- Targeting Facebook users -- who are just hanging out, wasting time or browsing their feed -- is a more passive form of advertising than search engine marketing.
- Experiment by testing multiple versions of your ad and collecting data. Make decisions based on the results.
Over the last few years, there seems to persist the lingering idea that you can lay on the beach with your laptop and make thousands per day. While it’s a possibility in the internet age, online business generation takes hard work, creative thinking, money and luck.
And as this daydream pertains to Facebook advertising, you’re bound to face challenges both difficult and expensive. Indeed, mastering this tool is not easy. Don’t underestimate it; rather, expect setbacks, learn and tweak your game plan.
Your ads on Facebook could be falling flat for a number of reasons and therefore failing to deliver any kind of tangible return. We could spend days debating which strategies are best, but there’s no switch to jumpstart lead generation.
Meanwhile, Facebook seems to be constantly releasing new tools for advertisers to flock to, and just when it seems you’ve got something down, there’s a new tool that forces you to learn from scratch again.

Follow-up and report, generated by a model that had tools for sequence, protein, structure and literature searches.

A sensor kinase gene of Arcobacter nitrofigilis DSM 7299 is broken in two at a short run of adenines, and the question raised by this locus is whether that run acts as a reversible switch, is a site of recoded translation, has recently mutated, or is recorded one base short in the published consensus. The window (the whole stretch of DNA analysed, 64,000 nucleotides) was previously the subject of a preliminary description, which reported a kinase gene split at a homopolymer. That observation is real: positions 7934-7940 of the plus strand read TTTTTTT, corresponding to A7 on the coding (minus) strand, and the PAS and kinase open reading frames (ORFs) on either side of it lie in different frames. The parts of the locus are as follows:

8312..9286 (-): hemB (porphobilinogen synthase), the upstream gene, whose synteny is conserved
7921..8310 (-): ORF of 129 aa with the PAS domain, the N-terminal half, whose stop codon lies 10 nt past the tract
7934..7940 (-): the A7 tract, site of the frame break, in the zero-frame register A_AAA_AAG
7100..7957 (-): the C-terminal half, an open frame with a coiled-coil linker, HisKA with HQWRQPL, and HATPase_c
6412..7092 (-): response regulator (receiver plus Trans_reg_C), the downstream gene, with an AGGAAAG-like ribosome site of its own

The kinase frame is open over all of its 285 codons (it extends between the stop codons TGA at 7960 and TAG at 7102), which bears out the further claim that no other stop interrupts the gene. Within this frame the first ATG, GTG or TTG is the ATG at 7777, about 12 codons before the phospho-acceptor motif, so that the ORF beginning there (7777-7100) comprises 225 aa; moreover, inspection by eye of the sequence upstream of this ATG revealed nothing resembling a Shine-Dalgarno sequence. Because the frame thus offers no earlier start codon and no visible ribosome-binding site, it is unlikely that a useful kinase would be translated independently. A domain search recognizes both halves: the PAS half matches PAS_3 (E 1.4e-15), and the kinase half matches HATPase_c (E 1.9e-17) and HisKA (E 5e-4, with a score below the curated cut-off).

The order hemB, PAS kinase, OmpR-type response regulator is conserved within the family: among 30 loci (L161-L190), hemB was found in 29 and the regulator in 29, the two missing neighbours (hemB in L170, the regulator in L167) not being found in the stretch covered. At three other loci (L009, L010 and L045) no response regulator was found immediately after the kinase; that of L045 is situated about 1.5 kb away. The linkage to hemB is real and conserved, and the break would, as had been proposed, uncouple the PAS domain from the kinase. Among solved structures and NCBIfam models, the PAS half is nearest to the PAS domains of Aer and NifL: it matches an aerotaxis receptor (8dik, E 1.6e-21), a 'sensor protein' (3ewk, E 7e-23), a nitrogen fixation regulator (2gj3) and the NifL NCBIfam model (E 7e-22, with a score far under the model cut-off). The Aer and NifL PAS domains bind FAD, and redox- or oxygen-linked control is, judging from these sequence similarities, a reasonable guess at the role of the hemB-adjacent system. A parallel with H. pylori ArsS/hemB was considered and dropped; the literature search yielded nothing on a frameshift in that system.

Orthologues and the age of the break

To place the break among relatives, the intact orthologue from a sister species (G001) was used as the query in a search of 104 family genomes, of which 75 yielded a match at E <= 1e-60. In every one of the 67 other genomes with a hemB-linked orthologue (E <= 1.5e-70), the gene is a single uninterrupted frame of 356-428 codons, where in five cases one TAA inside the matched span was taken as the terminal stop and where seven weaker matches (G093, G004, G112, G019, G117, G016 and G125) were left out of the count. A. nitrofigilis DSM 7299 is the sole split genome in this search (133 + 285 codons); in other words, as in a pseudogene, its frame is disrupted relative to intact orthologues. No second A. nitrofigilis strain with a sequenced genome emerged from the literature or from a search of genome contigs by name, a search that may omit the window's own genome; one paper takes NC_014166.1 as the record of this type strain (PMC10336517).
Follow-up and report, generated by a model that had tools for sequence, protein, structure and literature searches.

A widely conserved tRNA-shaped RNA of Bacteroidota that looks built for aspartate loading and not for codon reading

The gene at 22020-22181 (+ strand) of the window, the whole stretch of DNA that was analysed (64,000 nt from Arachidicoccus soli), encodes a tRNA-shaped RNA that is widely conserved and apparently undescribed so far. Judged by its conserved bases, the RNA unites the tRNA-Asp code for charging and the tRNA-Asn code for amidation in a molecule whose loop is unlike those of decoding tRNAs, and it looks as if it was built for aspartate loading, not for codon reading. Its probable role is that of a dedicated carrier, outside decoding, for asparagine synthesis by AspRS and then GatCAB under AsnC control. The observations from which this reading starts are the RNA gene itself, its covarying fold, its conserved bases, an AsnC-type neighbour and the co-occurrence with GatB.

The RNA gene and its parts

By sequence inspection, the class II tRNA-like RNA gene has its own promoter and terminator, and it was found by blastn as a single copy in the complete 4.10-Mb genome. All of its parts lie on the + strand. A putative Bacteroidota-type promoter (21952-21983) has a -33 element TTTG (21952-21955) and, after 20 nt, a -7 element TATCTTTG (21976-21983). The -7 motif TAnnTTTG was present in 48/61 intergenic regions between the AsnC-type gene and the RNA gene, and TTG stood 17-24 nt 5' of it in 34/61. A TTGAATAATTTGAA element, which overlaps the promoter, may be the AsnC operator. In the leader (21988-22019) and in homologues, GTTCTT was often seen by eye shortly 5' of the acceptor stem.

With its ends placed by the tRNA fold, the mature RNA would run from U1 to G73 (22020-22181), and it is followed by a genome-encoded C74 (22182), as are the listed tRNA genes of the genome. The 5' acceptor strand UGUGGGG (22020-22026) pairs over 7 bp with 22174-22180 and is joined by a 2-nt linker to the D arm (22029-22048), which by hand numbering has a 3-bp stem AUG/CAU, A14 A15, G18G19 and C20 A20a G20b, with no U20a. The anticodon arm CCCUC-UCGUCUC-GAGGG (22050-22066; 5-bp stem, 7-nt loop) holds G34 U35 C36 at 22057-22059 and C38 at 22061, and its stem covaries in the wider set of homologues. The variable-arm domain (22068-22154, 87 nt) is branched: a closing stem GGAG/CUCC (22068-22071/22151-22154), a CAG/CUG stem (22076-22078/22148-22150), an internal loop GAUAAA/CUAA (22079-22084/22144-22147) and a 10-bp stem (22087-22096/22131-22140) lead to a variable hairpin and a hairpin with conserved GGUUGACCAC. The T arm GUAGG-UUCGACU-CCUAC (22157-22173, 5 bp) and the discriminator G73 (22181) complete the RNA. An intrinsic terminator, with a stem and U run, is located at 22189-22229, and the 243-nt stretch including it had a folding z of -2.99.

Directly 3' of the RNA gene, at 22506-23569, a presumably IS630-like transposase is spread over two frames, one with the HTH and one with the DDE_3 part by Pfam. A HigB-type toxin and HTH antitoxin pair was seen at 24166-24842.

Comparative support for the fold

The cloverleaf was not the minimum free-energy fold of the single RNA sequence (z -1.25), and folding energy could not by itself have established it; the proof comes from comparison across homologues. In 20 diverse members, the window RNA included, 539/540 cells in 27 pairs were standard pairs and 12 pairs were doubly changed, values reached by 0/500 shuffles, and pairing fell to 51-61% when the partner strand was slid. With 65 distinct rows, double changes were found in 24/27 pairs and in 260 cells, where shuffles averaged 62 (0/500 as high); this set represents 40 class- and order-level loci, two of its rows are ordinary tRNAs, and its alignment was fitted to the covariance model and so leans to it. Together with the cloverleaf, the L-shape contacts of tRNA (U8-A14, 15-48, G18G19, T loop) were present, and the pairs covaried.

It keeps you on your toes, constantly researching and testing new strategies. Start off slow, building upon the previous successes you achieve with your ads.
Social browsers versus driven searchers
It’s no secret that there are billions of users on Facebook worldwide. It’s also worth noting the type of consumer you’re advertising to. To create effective ads, it takes critical and creative thinking to dive deep into who your audience is.
You should know the difference between who you’re targeting when advertising on a search engine versus social media. When Google users search “social media management for real estate,” they will receive search results similar to what they searched for, plus relevant ads.
In this scenario, you’re advertising to users searching for the exact product or service you offer, meeting them at the intersection of their search and their need. They may be ready to buy, and they also just might be in the research phase.
(Many real estate professionals need to realize that a ton of their web traffic comes from users in the research phase.)